Mr. Garrity and the Ciphers from High Cap Companies

Tom Perkins–the one with his name on the door over at Kleiner Perkins Caufield & Byers–resigned from the board of Hewlett Packard on May 18, 2006. Initially the circumstances of his resignation were characterized as a personal decision by HP, but Mr. Perkins persevered until the true reason for his departure came to light.

I had been following the story, along with most people in high tech in Silicon Valley, and was struck by the phrase “ciphers from high cap companies” when I read it in Rob Preston’s story in InformationWeek titled “Down to Business, What They Didn’t Say at the HP Hearings

It was from an e-mail Perkins wrote to Mark Hurd, H-P’s current CEO, which his attorney, Viet Dinh, included in an Op Ed entitled “Dunn and Dusted” in the Wall Street Journal on Tuesday, September 26, 2006. I have included the full text of the e-mail but have bolded a phrase I want to explore further:

Dear Mark: A while back I promised you that we directors would clean up our act, and free you from worries about the H-P board. I am really sorry that I didn’t deliver on this, and I apologize for the necessity of raising the issue of illegal activity by the board chairman in today’s email to the board. But, it’s an extremely serious matter, and I have legal obligations.

Aside from this, I worry that Pattie, as new chair of N&G, will ‘pack’ the board with the kind of directors she so admires — ciphers from high cap companies, with no fast-cycle technology background, and certainly no Valley entrepreneurial genes.

I worry that you will wind up with a ‘blue ribbon’ board that will be of zero, or even negative, value to you when the going gets tough. I don’t wish you bad luck — but life eventually delivers tough scenarios to CEOs of big companies — and I doubt if H-P will prove to be the exception.

Anyway, I am rooting for you still, and I hope everything works out as you wish best.

Sincerely, — Tom.

Let’s unpack that phrase: ciphers from high cap companies, with no fast-cycle technology background, and certainly no Valley entrepreneurial genes.

  • Ciphers: the meaning here is a none-entity, a zero; this was a term my father and grandfather would use as a strong insult.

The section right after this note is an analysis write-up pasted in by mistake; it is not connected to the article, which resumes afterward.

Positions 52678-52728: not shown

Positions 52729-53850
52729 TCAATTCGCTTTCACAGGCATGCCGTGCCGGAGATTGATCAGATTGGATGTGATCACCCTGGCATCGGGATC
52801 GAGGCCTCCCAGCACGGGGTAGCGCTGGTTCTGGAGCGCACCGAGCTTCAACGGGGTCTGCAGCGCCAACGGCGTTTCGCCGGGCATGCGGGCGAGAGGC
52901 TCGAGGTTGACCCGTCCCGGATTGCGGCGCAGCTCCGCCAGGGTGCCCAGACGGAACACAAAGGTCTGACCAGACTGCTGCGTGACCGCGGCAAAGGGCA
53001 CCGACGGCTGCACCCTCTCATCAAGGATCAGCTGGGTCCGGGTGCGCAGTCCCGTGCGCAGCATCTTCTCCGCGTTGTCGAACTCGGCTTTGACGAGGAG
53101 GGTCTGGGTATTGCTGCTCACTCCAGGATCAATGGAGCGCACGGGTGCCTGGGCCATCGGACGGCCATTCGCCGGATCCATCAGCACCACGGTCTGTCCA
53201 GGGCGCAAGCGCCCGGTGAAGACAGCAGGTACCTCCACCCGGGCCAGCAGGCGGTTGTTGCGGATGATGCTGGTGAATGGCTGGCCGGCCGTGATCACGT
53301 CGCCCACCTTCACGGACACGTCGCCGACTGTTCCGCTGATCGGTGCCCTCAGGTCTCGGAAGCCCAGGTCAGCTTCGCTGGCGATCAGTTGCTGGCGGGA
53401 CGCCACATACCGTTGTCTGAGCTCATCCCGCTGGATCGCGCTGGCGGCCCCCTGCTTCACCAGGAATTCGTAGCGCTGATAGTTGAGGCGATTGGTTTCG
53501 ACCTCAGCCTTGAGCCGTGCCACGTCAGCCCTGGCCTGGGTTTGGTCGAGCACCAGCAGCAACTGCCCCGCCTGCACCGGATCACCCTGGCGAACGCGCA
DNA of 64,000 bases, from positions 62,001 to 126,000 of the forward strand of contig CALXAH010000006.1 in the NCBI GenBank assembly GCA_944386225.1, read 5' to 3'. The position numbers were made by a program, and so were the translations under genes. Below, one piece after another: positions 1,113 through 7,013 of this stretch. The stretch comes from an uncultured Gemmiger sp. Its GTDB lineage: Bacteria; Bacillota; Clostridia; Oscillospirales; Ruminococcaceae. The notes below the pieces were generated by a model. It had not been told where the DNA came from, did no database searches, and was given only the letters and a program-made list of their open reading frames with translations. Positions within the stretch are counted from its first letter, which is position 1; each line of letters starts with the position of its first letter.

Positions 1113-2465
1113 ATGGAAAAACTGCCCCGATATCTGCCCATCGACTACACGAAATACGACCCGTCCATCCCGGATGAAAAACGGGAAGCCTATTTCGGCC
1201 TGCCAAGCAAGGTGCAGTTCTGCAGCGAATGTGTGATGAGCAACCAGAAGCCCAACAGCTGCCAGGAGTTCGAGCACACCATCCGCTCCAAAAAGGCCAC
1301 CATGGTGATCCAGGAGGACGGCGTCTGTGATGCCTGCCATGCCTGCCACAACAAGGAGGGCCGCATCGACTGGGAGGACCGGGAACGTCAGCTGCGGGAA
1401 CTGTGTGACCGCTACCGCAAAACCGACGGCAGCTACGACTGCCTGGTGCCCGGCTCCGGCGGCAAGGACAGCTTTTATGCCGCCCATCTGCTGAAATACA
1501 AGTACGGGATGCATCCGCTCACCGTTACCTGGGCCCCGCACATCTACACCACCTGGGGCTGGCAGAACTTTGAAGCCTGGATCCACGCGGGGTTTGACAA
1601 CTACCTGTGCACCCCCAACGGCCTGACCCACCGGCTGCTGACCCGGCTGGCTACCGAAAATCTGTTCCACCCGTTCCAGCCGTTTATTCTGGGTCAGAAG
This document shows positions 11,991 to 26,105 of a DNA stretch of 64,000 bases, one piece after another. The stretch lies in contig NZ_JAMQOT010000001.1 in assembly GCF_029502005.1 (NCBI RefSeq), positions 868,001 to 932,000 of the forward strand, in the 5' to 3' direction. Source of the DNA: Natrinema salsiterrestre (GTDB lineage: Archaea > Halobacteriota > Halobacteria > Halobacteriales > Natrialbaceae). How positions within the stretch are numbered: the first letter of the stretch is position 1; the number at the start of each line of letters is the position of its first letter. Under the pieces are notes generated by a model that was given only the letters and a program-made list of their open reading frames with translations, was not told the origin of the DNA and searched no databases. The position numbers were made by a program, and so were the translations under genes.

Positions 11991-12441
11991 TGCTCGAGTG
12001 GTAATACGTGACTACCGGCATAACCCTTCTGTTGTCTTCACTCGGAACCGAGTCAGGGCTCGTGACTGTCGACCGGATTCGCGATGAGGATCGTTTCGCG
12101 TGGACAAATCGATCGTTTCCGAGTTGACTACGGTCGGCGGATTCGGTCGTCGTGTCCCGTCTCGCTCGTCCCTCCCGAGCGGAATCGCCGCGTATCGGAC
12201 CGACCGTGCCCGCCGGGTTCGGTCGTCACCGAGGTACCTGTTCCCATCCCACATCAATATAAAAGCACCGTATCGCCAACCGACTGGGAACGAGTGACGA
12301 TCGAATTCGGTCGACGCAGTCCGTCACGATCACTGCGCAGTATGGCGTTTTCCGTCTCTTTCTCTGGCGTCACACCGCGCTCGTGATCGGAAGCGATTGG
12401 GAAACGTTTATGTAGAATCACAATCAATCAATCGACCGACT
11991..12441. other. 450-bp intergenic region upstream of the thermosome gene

• High Cap Companies: high market capitalization, i.e. Fortune 50/100/500 (I suppose “Fools from the Fortune 500” doesn’t have the same zing).
  • Fast-Cycle: in this context I believe it’s a reference to being able to make decisions rapidly, to execute the OODA cycle (Observe, Orient, Decide, Act) but it also has been applied to product development by Preston Smith and Don Reinertsen among others, to indicate the value of cutting time to market for new products
  • Technology Background: comfortable wrestling with Moore’s Law
  • Valley Entrepreneurial Genes: possibly overrated, except insofar as there is a higher tolerance for failure in the presence of learning, and a celebration of prudent risk taking (vs. rewarding success).

In this succinct phrase is a warning to startups: be wary of “large company advisors” who lack an appreciation for Moore’s Law, don’t understand that delaying a decision is deciding to delay, and who are motivated more by–or perhaps only by–money than a desire to change the world.

To watch HP’s current management team attempt to demean and intimidate someone like Tom Perkins strikes me as stupidity of the first order. I was reminded of the gypsies in the George V. Higgins’ story “A Small Matter of Consumer Protection” (reprinted in chapter 6 of his excellent “On Writing“) who attempt to con and intimidate a nameless silver-haired 70 year old one Saturday morning, only to discover too late he is a retired–well mostly retired–Mafia don.

But the moral dry rot that has set in at H-P that would allow these stupid (my operating principle is that everything you do will ultimately get found out, and the more the effort you make to keep it secret, the deeper the hole you are digging for yourself)–if not illegal–acts, doesn’t appear to stop with Patricia Dunn. Don Tennant, editor in Chief at Computerworld, wrote about A Culture of Evasion detailing Mr. Hurd’s lost opportunity to answer any tough questions at a public forum while the story was breaking:

The entire episode made me think of the irony of a particular line in Hurd’s keynote — the one in which he said that HP is “trying to build a culture of execution and accountability.” Accountability? That’s going to be awfully difficult as long as the company’s CEO demonstrates by his example a culture of dissemblance and evasion.

Witnessing the ongoing disintegration of a Silicon Valley icon like HP gives me a strange Twilight Zone sensation. If only a Jed Garrity could be found to arrange a meeting between the current and former management.

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